The aftermath of my stroke

Now, hopefully, you know what having a stroke is REALLY like.  It is the worst experience in your life.  I cannot empathize enough how frightening it is what you go through.   Your lifestyle is totally changed forever; in a flash your family is devastated!   If you do not have long-term disability insurance your family is immediately thrown into financial chaos.  Your children no longer have a normal child life.  Forget about having fun family events.  Annual vacations, spontaneous things like playing games with your kids, attending ball games and going out with the family for fast food on Friday nights, etc, will stop.  All enjoyable family events will immediately be forever cancelled.  Forget about things like going to the bathroom in private.  You lose every shred of humility you ever had.  There are so many more nightmares to talk about.  Most of what I should warn you about is too personal and private!  You REALLY do not want to know.

My wife went through it ALL with me.  My company flew her to France and put her in my hotel for over two weeks.  She would visit me in the hospital everyday getting there around 8 am every morning and staying in the hospital with me each day until after 8 pm each night.  Support is absolutely essential after a loved one has a stroke.

Something else I should tell you is that stroke does not just affect you.  Besides your spouse and kids your extended family is also affected; your brothers, sisters, nieces, nephews, mothers, fathers, in-laws and their families all will be affected.  Oh, and you think you have good friends?  At least 99% of stroke survivors have told me that their friends have stopped coming around.  Many will visit you right after the stroke, while you are in the hospital, but be prepared to lose every friend from coming around.  Your friends will not suddenly stop liking you but chances are VERY good that not one will EVER hang out with you again!  It is amazing how quickly your friends will ALL disappear.

Be prepared for an uncontrollable emotional rollercoaster, too.  Your ability to control laughter or crying at inappropriate times will be lost.  Seriously, it is called, emotional lability.   Emotional lability is totally frustrating and can be very embarrassing.  You will learn to hate the powerful lack of control.  Also, severe depression is common and may creep in when you least need this burden.    Depression for stroke survivors can be very dark and can rule every aspect of your life.  You cannot realize how painful depression is unless you have experienced it.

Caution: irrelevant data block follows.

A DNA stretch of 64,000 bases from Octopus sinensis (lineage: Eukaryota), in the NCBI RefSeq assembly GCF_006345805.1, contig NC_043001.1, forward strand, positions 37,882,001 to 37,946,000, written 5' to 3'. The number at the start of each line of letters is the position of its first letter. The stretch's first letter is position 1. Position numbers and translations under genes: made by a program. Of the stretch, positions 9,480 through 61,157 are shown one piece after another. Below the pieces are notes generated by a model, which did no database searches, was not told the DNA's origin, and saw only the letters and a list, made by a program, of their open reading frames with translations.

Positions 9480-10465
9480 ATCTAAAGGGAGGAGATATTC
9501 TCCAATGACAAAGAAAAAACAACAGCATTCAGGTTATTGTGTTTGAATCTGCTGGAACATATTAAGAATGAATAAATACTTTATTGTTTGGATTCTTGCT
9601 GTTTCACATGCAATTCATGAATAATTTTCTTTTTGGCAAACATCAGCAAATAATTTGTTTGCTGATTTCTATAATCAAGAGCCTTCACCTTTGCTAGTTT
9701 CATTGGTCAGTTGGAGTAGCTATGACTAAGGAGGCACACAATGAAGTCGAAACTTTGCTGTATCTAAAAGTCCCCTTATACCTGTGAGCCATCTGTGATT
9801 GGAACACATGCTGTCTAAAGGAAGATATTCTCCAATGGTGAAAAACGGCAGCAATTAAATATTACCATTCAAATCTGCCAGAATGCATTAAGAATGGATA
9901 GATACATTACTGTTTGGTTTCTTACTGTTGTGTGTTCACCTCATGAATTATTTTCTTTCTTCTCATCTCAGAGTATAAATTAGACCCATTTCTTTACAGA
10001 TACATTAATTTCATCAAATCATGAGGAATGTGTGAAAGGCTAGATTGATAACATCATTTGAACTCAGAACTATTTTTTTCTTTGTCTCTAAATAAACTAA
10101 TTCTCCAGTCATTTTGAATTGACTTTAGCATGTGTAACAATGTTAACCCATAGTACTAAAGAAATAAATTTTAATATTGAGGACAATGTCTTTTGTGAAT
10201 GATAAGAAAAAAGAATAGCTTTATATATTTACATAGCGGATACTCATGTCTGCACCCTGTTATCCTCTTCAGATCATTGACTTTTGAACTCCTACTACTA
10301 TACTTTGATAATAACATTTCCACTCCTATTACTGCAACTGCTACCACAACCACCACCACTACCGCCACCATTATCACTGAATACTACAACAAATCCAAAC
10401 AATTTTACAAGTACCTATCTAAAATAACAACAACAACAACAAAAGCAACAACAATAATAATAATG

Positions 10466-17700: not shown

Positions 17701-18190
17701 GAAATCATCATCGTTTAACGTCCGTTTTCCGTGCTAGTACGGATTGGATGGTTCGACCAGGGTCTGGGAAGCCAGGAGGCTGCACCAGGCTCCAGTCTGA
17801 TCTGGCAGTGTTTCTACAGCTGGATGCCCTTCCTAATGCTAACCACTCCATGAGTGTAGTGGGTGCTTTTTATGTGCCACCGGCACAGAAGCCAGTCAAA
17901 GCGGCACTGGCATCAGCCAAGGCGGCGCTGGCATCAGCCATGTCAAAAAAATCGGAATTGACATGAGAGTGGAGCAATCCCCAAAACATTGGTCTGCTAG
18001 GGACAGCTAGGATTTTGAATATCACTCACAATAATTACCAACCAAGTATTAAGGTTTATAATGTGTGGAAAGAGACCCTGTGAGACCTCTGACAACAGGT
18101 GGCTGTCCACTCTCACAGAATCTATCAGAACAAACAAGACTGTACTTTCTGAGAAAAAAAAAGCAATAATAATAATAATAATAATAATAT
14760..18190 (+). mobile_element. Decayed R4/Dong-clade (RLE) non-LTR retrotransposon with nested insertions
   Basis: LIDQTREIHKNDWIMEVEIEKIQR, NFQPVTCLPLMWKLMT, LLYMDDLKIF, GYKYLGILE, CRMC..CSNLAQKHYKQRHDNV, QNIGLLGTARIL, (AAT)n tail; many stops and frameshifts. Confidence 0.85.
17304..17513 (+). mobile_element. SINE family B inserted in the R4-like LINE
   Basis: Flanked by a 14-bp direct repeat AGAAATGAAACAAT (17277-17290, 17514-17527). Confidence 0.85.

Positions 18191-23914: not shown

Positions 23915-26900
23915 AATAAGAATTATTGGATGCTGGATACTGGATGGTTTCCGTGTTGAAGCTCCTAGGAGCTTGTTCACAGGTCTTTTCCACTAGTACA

Bottom line is that having a stroke is permanent.  You cannot reverse the effects of stroke.  You must learn to live with the devastating disabilities that it causes.  I apologize for such a lengthy blog but this was my reality.  Millions of people go through similar nightmares.  According to the American Stroke Association, stroke happens to about 780,000 people per year.  About 5,800,000 stroke survivors are alive today.

Stroke cannot be prevented but you can prevent the risk of it.  High blood pressure is the most obvious sign.  Eating a diet that is high in salt can cause the high blood pressure.  Lack of exercise and leading a dormant lifestyle can lead to being overweight and having high blood pressure, too.  Cigarette smoking and excessive drinking of alcohol also increases the risk of stroke.

Go to for information about stroke.  New stroke caregivers should download and print our Stroke Caregivers Handbook at


14 Responses

  1. […] Post stroke – plus 1 day […]


  2. Well i sure relate to your story. I was in Mich an got to Hospitol that reconised emergency room. Truley changes ones Life i am 7 year post. Pain on my whole right side. Hoping to be refered to University of Michigan Hospitol. Well a bit of humor, Keep our stick on the ice~~ sincerly rob peabody